Vegan Carrot Kheer

The lock down continues. We are holed up but life goes on.  A good chunk of April is gone. Cherry blossoms came and went. It must be time for Tulips now. Parrot green young leaves are shooting their way out of their winter slumber. It is as if mother earth patiently waited all these months for this warm window to come out and begin her dainty dance.

The grocery situation seems to have eased a bit, or it might just be that people have accepted that this is the new normal and are planning accordingly. We will not know. From the era of social media to that of social distancing, the hill has been too steep. Do I miss the interaction? Not really, video calling family and friends help. Do I miss weekly grocery shopping and maintaining a tight control over the pantry/refrigerator inventory? Yes I do.This stocking up canned vegetables and non-perishables is just not me. I am eagerly waiting to get back to the days of weekly grocery planning and fresh vegetables.

There is one upside to this lock down. I don't remember the last time family has been home this long. Sometimes it gets too much. It is then that I think of the families of 33,000+  people here in USA and 4000+ people in NJ and many more worldwide, who probably will do anything to get their loved ones homes, but cannot.

With the family home, food follows naturally. It so happens that in stressful situations, we naturally seek comfort, be it comfort food, company or comforts of the familiar. Here we are seeking comfort in food as well. Nothing soothes my soul like desserts and sweet dishes. Here is a warm cup of carrot kheer. It is rich and just sweet enough to warm my soul. It is easy and scales up easily.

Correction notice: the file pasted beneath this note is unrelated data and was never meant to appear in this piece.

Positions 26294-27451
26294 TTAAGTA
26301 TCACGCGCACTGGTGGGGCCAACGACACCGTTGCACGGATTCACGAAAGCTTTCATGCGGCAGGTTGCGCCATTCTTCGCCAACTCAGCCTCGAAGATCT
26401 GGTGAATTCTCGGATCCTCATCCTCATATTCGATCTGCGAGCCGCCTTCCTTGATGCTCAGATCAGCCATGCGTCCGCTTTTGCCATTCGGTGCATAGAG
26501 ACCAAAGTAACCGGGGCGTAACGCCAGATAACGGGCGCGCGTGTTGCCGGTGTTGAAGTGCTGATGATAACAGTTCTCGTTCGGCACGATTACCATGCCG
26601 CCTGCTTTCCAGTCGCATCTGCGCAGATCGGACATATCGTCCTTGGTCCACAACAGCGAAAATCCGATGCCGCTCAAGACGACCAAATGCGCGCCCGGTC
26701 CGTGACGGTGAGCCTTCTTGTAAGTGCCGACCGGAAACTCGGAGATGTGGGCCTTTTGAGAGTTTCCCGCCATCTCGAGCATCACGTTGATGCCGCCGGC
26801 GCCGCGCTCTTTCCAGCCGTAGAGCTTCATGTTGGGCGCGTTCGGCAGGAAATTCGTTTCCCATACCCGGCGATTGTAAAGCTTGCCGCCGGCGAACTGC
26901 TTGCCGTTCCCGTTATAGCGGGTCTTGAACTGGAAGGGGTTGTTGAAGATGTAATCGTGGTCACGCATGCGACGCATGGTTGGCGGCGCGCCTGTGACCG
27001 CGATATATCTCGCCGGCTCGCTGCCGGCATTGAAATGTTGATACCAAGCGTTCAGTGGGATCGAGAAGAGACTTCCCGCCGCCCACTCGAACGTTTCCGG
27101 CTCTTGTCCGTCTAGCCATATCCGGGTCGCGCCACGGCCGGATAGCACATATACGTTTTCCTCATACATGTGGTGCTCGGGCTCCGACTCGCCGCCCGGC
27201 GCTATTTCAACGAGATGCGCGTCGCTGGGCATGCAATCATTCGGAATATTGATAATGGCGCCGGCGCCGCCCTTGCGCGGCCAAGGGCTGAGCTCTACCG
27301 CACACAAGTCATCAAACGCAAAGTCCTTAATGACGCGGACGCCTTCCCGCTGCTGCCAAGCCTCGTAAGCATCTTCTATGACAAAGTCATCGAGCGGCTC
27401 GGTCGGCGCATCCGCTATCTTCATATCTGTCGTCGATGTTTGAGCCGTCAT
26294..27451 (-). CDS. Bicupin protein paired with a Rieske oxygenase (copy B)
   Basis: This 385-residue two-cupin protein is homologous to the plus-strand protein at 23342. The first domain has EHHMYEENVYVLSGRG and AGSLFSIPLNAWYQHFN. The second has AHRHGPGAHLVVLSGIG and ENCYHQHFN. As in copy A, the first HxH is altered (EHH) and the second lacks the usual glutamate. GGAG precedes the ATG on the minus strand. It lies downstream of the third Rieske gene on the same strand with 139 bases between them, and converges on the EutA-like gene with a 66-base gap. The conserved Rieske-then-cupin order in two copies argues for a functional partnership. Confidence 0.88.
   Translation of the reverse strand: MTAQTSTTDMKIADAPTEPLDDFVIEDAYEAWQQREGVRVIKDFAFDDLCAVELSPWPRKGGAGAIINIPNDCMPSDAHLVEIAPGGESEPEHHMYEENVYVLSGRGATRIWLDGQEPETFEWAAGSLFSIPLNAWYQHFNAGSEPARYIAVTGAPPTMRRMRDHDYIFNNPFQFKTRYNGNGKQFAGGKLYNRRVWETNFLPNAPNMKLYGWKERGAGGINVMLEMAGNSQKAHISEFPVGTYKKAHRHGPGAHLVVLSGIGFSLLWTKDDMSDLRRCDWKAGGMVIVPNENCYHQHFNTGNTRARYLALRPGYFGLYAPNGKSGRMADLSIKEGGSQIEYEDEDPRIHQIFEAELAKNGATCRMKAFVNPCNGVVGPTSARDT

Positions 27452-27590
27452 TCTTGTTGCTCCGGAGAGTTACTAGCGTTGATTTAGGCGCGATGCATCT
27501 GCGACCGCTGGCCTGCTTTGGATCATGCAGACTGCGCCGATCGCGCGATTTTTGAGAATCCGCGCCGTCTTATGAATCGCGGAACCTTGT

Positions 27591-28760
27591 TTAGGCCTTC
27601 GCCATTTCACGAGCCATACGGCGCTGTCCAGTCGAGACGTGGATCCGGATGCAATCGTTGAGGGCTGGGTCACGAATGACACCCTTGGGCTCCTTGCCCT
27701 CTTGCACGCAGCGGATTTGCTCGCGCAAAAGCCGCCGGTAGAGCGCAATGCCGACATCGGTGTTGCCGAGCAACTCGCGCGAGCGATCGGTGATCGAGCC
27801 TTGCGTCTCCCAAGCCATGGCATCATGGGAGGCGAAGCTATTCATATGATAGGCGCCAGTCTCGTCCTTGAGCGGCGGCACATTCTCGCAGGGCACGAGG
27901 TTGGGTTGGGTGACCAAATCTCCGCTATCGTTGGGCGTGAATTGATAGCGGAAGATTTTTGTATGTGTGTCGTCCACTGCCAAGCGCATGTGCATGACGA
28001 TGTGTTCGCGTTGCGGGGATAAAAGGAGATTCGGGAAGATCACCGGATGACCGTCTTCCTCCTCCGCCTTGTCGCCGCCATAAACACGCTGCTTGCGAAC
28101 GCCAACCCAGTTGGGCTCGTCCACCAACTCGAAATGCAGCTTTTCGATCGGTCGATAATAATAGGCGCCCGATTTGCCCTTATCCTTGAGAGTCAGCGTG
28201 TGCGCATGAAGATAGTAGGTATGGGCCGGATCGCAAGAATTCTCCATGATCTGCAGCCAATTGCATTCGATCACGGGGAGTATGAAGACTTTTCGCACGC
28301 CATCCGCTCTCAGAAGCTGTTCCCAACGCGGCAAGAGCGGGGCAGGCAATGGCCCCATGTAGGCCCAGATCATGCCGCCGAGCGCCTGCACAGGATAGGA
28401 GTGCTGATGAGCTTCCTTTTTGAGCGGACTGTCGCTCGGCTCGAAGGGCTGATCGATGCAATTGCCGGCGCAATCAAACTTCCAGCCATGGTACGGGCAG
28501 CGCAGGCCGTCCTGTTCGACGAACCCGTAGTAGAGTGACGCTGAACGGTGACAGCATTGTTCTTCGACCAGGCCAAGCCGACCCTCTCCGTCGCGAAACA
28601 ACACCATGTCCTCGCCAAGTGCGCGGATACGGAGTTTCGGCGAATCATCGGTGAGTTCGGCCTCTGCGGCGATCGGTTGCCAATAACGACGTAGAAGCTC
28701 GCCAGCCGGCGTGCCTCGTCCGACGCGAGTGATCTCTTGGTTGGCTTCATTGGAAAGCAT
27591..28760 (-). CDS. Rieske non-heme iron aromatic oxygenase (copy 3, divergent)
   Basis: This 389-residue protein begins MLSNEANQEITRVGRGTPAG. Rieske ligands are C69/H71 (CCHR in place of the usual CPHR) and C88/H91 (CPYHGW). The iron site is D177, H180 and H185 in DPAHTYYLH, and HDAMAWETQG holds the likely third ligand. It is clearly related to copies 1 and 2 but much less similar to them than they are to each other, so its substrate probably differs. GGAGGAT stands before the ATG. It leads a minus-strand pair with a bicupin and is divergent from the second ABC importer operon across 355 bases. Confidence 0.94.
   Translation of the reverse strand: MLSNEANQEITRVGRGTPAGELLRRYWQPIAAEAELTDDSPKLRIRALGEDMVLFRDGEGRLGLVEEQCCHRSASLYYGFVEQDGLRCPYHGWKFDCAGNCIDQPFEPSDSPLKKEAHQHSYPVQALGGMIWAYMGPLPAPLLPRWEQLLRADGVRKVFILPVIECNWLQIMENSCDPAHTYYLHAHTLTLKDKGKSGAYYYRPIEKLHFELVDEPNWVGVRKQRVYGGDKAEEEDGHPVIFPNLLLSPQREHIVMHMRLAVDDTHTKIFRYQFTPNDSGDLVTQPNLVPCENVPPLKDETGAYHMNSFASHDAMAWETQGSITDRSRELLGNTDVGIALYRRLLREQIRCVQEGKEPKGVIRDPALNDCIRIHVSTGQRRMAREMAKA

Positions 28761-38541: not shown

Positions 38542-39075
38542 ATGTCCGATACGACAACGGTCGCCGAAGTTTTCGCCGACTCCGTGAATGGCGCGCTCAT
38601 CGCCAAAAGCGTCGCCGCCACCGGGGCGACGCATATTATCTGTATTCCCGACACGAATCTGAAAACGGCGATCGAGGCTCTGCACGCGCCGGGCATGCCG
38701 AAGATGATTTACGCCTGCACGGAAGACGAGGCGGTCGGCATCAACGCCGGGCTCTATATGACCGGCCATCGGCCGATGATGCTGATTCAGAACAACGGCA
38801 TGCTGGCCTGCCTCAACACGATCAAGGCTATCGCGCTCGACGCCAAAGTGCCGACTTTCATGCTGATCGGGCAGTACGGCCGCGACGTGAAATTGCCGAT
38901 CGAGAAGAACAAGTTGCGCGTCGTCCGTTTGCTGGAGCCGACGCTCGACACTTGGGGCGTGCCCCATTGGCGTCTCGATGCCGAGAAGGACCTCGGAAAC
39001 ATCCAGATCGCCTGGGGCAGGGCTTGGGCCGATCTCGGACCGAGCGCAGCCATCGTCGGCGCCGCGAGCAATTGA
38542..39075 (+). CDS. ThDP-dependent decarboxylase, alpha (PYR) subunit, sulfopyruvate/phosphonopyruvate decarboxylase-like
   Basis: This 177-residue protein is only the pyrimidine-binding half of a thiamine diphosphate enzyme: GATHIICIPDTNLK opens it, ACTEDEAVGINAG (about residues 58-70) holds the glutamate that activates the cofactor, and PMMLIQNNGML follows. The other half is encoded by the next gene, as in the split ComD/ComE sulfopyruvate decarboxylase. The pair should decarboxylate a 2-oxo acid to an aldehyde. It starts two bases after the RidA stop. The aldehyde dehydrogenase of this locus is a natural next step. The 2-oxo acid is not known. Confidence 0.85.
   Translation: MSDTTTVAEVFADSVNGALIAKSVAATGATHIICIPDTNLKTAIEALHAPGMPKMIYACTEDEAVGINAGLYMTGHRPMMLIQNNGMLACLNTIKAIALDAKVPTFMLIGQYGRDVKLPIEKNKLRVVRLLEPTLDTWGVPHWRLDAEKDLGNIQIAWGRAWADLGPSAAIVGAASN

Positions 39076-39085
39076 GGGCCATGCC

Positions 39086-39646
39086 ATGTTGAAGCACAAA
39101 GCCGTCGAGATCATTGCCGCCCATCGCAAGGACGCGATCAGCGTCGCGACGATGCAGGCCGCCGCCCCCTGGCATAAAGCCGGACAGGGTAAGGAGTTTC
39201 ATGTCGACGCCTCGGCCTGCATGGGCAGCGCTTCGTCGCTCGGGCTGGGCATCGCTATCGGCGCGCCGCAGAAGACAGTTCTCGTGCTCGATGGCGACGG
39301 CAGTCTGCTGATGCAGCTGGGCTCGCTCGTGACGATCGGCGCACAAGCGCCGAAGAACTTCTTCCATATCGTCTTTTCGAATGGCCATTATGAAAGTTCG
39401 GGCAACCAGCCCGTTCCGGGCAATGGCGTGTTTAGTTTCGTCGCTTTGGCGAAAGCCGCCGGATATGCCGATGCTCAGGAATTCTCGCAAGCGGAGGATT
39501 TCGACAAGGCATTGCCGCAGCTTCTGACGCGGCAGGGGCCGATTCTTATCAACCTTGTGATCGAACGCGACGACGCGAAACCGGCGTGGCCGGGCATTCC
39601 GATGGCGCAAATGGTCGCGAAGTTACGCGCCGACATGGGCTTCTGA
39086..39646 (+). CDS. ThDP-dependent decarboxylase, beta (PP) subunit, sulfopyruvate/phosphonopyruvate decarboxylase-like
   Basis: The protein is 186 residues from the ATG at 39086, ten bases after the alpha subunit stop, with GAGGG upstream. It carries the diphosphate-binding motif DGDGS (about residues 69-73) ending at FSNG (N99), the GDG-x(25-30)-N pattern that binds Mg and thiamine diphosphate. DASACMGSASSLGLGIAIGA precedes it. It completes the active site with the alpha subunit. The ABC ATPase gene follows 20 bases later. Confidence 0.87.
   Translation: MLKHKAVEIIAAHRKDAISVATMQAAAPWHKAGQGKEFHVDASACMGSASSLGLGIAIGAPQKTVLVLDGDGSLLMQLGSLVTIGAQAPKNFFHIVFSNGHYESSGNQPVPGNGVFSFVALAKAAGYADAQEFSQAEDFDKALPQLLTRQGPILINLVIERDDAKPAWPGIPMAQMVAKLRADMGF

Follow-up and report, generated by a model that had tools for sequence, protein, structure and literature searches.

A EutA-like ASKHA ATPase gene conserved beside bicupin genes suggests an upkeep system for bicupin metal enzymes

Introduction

Here we go. We will need,

Carrots (washed and peeled) 3 big
Cashews raw 12-15
Sugar 2-4 tbsps
Salt a tiny pinch
Nutmeg powder  or saffron or cardamon powder a scant pinch

  • Chop the carrots roughly and combine it with the cashews in a pressure cooker along with 2 cups of water. Cook on medium heat till one whistle. Remove from heat and let the pressure cooker cool.
  • Once it is cool enough to handle,  transfer the carrot mixture to a blender and blend till smooth. Alternately, a hand blender can be used as well. Transfer back to the pot and heat it gently.
  • Stir in sugar a tablespoon at one time, stir , taste and add more if necessary. There are times when I had to stop at the second tablespoon of sugar because the carrots were super sweet. And then there are times when I had to go all the way to 4 tbsp because the carrots were bland. Typically, if they are in season, they are super sweet.